Source: OFR draft legislation and the Accounting Standards Board regulations, which give legal effect to the OFRs, January 2005
To see in more depth how the recommendations in the Accounting for People Taskforce differ from those in this summary of the draft regulations, click here.
For further information on the exclusion of employee information from the draft Operating and Financial Review regulations, click here.
You can read the full version of the draft regulations here.
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Sign our petition
There is still time for you to tell the Government how important it is to legislate these changes. Join Personnel Today in calling for employee information to be included in company reporting legislation. Click here to sign our petition.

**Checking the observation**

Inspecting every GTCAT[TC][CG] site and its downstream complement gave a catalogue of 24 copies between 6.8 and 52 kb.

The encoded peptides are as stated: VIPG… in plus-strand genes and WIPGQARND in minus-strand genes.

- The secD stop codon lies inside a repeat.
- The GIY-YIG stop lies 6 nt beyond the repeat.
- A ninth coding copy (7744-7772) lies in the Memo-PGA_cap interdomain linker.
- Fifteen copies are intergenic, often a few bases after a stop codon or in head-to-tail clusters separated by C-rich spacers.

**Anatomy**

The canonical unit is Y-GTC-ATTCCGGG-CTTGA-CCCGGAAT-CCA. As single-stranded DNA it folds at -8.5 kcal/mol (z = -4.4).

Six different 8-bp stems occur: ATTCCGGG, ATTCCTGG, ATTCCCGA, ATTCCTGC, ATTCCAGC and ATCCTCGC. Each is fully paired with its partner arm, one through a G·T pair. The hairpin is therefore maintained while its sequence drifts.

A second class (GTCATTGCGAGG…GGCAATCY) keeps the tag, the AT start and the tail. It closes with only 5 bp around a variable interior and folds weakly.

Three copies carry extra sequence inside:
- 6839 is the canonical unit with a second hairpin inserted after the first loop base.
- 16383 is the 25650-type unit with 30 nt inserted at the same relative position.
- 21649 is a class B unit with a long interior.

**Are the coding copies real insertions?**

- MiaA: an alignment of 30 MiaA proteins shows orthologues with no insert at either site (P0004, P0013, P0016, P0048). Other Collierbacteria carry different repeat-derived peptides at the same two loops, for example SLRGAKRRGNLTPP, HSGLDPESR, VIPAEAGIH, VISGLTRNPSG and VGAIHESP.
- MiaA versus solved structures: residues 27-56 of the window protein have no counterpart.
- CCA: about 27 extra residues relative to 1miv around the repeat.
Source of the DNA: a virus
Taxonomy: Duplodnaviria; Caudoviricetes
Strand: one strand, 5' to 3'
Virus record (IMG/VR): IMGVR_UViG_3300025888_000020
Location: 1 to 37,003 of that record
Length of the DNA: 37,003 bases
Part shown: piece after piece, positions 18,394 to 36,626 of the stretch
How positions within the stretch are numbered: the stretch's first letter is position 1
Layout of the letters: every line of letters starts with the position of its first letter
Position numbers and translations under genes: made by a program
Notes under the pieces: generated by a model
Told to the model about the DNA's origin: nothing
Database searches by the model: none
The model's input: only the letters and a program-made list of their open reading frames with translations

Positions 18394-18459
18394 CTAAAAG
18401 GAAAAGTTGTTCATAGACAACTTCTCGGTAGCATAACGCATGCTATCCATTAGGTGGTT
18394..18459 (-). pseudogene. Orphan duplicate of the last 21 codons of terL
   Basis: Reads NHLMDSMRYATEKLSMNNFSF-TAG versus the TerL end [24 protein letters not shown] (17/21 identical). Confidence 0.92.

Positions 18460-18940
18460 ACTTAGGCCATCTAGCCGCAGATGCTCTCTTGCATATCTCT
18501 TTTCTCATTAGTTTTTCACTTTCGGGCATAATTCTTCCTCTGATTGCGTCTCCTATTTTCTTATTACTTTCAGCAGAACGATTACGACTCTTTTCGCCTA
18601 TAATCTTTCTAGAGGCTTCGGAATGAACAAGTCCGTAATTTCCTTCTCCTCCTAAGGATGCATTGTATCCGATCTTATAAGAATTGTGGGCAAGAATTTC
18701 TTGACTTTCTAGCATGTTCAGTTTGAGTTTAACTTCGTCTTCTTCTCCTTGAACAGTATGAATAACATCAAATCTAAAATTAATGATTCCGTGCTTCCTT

Background on Accounting for People
The Taskforce on Human Capital Management Reporting was set up in January 2003 to:
- look at the performance measures currently used to assess investment in human capital
- consider best practice in human capital reporting, and the performance measures that are most helpful in reports to stakeholders
- establish and champion the business case for producing such reports
- produce a final advisory report.
In November 2003 the taskforce completed its task.
The Secretary of State announced her response to the Accounting for People report on 5 May 2004, at the same time as the announcement on the Operating and Financial Review (OFR).
1985 – Companies Act becomes law, designed to ensure businesses conduct themselves properly in relation to financial information